I’d like to tell you a long story about airplanes to help describe the road from Cusco to Quillabamba and Machu Picchu.
Two important concepts in airplane design are stability and control sensitivity. There are 2 kinds of stability: static and dynamic. Static stability means when a pilot lets go of the controls during normal stabilized flight, that the airplane will maintain its attitude – so the pilot can grab a map or cup of coffee and the airplane will continue on its merry way. Dynamic stability means when an airplane is disturbed from stabilized flight that it will eventually return back to its stabilized flight path. For example when a pilot yanks on the controls to avoid hitting a bird, an airplane with good dynamic stability will enter a slowly decreasing porpoising motion and eventually return to its steady state flight path. Finally control sensitivity means how quickly the airplane responds to the pilot’s control inputs and how much force the pilot needs to exert on the controls to fly the airplane.
In the early days of aviation these concepts were not well understood, for example, in a Ford Tri-Motor you could slam the controls completely back and forth on approach but the resulting airplane movement was almost indiscernible, the controls were very ineffective at slower speeds. I never flew a Ford Tri-Motor but I knew a guy who did, he flew for an outfit that smuggled liquor in Tri-Motors during prohibition. The Piper J3 Cub was one of the first mass produced airplanes that had these concepts figured out, it’s the nicest flying little plane. Of course airliners nowadays are all controlled by computers, their flying characteristics are programmed in, not achieved only by aerodynamics.
At the end of the day, there is an acceptable range of stability and control sensitivity. For example, a training airplane typically has less stability because the designers want to force the student pilot to be attentive at all times. In another example, I flew with a pilot who liked to barrel roll fully loaded Convair 240s and Gulfstream G1s but he swore to never try the same in a Convair 340 or 440, its roll rate is too slow.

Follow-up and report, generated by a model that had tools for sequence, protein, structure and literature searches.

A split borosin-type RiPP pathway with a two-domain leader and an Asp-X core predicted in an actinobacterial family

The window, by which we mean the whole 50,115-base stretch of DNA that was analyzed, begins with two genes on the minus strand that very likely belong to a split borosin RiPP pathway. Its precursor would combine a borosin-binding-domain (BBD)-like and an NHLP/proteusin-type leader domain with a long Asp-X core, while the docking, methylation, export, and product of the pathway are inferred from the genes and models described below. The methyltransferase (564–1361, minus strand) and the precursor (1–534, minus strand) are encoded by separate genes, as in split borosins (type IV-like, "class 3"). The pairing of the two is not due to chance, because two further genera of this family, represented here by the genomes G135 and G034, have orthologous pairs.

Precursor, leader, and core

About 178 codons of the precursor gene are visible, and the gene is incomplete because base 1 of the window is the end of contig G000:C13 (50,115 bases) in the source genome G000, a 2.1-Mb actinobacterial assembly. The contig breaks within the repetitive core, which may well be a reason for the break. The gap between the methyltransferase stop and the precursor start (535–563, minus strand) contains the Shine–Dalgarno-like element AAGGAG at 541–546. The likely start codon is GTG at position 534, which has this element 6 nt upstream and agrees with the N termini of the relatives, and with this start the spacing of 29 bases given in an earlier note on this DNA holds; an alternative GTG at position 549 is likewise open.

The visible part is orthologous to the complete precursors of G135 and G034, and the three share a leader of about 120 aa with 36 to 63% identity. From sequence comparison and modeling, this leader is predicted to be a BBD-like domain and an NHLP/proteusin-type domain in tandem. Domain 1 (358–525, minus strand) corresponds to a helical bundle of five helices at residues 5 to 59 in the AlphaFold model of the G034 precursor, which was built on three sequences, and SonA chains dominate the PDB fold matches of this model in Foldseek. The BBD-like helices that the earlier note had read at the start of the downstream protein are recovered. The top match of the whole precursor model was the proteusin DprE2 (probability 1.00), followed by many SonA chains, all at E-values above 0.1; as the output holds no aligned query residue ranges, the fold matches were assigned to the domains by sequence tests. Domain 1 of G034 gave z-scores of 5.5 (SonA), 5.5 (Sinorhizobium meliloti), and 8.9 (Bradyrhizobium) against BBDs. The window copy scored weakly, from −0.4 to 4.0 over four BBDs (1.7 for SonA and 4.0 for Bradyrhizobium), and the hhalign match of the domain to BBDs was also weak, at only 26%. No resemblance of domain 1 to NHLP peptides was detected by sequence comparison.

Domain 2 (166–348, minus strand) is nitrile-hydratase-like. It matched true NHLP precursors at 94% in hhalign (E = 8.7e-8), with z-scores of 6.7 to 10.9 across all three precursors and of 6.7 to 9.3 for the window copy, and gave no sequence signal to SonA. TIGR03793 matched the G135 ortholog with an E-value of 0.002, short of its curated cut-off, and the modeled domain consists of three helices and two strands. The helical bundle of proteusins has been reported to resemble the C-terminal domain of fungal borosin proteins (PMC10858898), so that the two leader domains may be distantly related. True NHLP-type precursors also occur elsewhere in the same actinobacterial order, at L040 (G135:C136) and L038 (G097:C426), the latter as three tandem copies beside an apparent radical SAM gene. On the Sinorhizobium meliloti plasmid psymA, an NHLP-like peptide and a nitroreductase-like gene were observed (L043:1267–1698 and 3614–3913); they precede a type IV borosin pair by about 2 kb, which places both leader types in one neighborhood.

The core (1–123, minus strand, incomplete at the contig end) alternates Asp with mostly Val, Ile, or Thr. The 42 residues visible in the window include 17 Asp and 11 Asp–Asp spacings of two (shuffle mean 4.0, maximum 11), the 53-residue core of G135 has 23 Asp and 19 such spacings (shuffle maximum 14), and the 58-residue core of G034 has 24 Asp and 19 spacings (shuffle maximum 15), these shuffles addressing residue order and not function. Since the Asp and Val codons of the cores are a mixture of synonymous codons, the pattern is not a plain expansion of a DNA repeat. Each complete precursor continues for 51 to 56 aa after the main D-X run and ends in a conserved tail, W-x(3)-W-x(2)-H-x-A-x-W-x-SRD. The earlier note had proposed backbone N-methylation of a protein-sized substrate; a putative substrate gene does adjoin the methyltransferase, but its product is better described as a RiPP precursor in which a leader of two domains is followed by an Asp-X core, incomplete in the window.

In this acceptable range of stability and control sensitivity, if an airplane is not very stable but has sensitive controls, a pilot might say it’s a “touchy” or “squirrelly” airplane.
Legend has it that one of the early pilots to fly the Pitts Special was a bit shook up after landing by the airplane’s power and handling, telling Curtis Pitts “that’s one squirrelly airplane you built!” To which Curtis Pitts famously responded “I’ve never known a squirrelly airplane but I’ve met a lot of squirrelly pilots!”
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I drove the road from Cusco to Quillabamba for the first time last week, Quillabamba is the closest town to Cusco on the edge of the jungle, it’s nice to take the kids there for a swim in the pool. The road to Quillabamba is the same road tourists take to go to “Machu Picchu by car” as you see advertised everywhere in Cusco, I believe it’s less expensive than taking the train. The road goes via Ollantaytambo up near Nevado Veronica at an elevation of just over 4,300 meters (about 14,000 feet) and then back down to 1,100 meters (about 3,500 feet) by the time you reach Santa Maria. From Santa Maria you can continue on to Quillabamba or take the detour to Santa Teresa, then via the Hydro-Electrica to Machu Picchu.
Locals say it’s a dangerous road. If you want my advice, take the train to Machu Picchu. I’ve never met a dangerous road but I’ve sure met a lot of dangerous drivers, and the road to Quillabamba is very unforgiving of dangerous drivers.
Antonio Olave Palomino was laid to rest at the Almudena cemetery in Cusco this past Thursday. Fittingly for one of the most influential Cusquenian artists of his time, he was laid to rest on Peru’s national holiday (July 28).
Antonio Olave Palomino was the creator of the contemporary “Niño Manuelito”, a wooden sculpture of baby Jesus in the image of a traditional Andean boy. In the San Blas area of Cusco you can find the “Niño Manuelito” in every souvenir store but the “Niño Manuelito” is actually one of the few authentic Cusquenian souvenirs you can buy. I literally don’t know any Cusquenian family that does not have a “Niño Manuelito” in their home.
I’ve heard a few variations on the story behind the “Niño Manuelito” but the contemporary “Niño Manuelito” was created when Antonio Olave traveled to Vilcabamba around 1975 to help restore a church that had been damaged by a mudslide, there he heard the legend of Q’alito which inspired him to create the “Niño Manuelito”.
According to one version of the legend, ushers in the church would find the image of baby Jesus in their church with dirty feet because baby Jesus would leave the church and play with the local kids. One day a local boy stepped on a thorn and hurt his foot. Another boy, named Q’alito, was hearding his sheep and purposely stepped on a thorn to console his friend, telling him: “don’t worry, I’m hurting too”.
I think the “Niño Manuelito” is so popular here in Cusco because he personifies the themes of “Jesus is one of us”, and that Jesus is hurting for the ordinary Cusquenian.
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I didn’t know Antonio Olave personally but in passing I heard the family talk at his funeral, they didn’t talk about what a great artist he was, they talked about what a great father he was. That’s good enough by me.